October is national breast cancer awareness month in the United States, so we will be seeing pink ribbons online to help build awareness.
Not every woman (or man!) knows that is possible to make a few simple lifestyle changes that can improve breast health and reduce the risk of breast cancer.
When it comes to breast cancer risk, there are factors we can control, and others we cannot. For example you cannot control your genetic risk factors. You inherited those at birth. However, you certainly can control factors that help optimize your body’s hormonal balance and disease fighting resources.
As with much other disease prevention, you primarily do this through nutrition, exercise, stress and weight management.
Check Hormone Levels
Get your doctor to evaluate your hormone levels. This is particularly important for premenopausal and postmenopausal women, to help them understand whether their bodies are producing balanced amounts of estrogen, progesterone, and testosterone. It’s typically done through a saliva test, so it’s a very simple and easy procedure.
Limit Toxin Exposure
There are probably opportunities in your life to reduce your exposure to chemicals and other toxins. For some, the first step is quitting smoking. Others need to reduce alcohol consumption, as more than one or two drinks per day is associated with increased risk. If you consume large amounts of packaged foods, start reading labels and eliminating those with unpronounceable ingredients that you do not recognize or understand.
Even those who eat a healthy diet, avoiding packaged foods, may wish to purchase more organic produce, or at least be more thorough about washing fruits and vegetables. It’s quite shocking how many chemicals may be in the food (even natural foods) we purchase.
Regular exercise helps balance hormones, improves mood, reduces stress, and offers a host of health benefits. If you have been inactive, it usually helps to start with something very small. Even a walk around the block each evening can be of benefit.
Keep Your Weight under Control
Studies have shown that keeping your weight in a healthy range helps balance your estrogen/progesterone ratio. In contrast, obesity and high insulin levels can negatively impact hormonal balances and put you at higher risk for breast cancer.
Eat More Cruciferous Vegetables
Cruciferous vegetables such as cauliflower, broccoli, bok choy, brussels sprouts, and cabbage contain an ingredient called Indole 3 Carbinol which helps balance estrogen levels. One to three servings of cruciferous vegetables daily is beneficial for most people, although if you have a thyroid condition you may want to discuss this with your doctor first.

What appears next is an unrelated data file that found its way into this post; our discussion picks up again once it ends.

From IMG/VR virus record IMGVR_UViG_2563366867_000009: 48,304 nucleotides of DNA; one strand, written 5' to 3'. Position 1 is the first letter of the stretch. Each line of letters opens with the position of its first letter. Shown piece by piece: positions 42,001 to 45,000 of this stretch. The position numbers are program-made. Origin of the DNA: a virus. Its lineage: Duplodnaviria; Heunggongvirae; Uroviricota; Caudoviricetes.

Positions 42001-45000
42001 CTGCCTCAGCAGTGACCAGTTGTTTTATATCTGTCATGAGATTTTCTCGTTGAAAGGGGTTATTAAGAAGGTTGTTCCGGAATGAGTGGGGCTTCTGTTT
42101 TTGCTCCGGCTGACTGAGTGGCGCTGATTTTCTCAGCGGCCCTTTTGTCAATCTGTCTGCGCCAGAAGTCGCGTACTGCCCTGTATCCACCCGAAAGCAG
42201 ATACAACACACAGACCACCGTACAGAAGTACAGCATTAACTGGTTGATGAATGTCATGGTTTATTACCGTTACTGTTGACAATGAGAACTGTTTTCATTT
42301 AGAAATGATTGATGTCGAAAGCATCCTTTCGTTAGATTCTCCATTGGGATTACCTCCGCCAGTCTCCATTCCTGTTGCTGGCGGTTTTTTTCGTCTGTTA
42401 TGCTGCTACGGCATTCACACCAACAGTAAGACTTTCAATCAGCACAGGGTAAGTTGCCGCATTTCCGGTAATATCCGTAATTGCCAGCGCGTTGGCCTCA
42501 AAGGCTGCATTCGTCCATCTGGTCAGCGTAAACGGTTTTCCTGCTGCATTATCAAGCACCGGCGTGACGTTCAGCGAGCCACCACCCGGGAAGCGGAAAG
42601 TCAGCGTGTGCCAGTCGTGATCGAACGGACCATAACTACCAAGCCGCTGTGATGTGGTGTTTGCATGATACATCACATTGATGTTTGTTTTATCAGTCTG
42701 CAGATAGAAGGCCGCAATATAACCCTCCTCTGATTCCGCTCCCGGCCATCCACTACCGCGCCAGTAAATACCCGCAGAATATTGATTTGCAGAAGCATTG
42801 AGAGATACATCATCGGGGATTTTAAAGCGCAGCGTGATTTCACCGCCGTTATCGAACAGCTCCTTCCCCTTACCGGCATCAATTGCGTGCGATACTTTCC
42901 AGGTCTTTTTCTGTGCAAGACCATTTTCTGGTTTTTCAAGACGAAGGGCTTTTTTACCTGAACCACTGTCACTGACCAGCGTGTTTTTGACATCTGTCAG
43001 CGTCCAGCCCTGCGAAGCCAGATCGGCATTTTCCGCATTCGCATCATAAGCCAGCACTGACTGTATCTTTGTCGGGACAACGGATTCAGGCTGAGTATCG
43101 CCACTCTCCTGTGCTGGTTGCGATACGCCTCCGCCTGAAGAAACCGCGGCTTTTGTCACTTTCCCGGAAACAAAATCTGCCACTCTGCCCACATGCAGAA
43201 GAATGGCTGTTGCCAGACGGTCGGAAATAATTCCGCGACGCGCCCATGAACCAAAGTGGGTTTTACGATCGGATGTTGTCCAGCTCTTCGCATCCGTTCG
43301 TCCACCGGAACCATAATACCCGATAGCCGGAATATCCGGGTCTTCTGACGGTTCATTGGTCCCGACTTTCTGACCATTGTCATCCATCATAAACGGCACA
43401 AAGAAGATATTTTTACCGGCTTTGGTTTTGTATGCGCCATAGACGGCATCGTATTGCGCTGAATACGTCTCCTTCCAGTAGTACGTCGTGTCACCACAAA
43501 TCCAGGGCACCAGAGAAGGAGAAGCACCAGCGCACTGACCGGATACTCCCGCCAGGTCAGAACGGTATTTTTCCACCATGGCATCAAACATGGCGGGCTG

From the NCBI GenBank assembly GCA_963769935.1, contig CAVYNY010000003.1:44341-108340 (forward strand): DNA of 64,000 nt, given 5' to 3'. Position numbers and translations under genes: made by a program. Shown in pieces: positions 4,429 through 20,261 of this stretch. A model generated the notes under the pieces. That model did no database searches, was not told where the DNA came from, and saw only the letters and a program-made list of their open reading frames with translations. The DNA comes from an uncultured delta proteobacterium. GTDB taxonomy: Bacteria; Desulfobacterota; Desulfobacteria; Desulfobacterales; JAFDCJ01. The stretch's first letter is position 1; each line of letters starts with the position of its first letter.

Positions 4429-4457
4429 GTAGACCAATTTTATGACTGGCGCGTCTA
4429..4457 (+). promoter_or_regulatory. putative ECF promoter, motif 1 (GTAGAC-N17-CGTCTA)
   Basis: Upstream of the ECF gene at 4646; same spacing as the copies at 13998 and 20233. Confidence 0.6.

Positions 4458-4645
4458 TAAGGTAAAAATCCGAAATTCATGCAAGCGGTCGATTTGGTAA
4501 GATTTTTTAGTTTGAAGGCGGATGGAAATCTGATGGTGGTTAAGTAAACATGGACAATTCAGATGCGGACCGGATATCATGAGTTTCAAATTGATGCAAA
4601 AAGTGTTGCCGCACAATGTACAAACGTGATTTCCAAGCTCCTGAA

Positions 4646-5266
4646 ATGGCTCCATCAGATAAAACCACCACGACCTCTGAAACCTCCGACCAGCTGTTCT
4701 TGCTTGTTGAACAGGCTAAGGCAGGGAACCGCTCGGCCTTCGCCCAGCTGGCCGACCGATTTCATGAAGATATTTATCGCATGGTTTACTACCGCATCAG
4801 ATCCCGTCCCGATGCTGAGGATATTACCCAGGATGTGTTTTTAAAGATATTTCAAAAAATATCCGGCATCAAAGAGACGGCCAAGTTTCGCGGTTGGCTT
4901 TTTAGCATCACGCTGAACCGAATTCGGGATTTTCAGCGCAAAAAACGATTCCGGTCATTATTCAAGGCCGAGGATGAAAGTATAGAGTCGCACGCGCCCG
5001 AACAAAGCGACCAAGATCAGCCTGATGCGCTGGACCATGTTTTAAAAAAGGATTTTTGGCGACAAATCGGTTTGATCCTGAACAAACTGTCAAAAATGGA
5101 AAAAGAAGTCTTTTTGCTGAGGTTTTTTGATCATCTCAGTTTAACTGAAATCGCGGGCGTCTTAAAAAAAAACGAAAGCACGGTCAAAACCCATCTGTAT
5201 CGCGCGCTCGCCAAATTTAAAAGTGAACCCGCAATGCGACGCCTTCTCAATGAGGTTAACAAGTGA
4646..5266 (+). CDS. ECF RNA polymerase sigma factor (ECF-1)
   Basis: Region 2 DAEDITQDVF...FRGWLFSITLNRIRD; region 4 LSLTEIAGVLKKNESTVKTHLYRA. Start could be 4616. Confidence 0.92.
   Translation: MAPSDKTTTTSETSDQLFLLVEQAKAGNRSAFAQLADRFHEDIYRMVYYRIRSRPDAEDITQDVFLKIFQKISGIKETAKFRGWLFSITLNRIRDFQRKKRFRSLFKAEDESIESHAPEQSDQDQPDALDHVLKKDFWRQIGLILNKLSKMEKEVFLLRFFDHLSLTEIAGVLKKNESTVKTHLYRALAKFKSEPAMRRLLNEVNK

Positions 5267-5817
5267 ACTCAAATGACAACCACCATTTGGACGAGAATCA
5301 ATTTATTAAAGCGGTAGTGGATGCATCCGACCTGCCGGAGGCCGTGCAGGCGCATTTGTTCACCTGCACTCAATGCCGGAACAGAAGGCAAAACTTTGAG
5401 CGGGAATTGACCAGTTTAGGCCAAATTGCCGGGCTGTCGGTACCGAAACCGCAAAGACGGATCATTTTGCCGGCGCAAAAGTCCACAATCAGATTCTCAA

Eat More Fruits and Vegetables
While cruciferous vegetables are specifically helpful, eating a wide variety of fruits and vegetables is an excellent strategy for reducing risk of several leading causes of death. Fruits and vegetables contain antioxidants which help remove free radicals. Many forms of cancer are believed to be the result of reactions between free radicals and DNA. Because these free radicals adversely affect the cell cycle, they can be involved in the formation of cancers. A diet high in fruits and vegetables will drastically reduce the amount of free radicals your body has to cope with.
A very large-scale study reported in the Journal of the national Cancer institute analyze dietary data from more than 142,605 men and 335,873 women. The study found that those who ate the most fruits and vegetables had added protection against cancer.
I recommend that you take daily EFA’s (essential fatty acids), a multivitamin, and possibly a fruit and vegetable concentrate if you do not eat 5 to 8 servings of fruits and vegetables each day.
Don’t Forget BSEs
Breast self-examinations are highly effective in early detection of breast cancer. Become familiar with your body and its rhythms, and don’t hesitate to call your doctor if something seems unusual.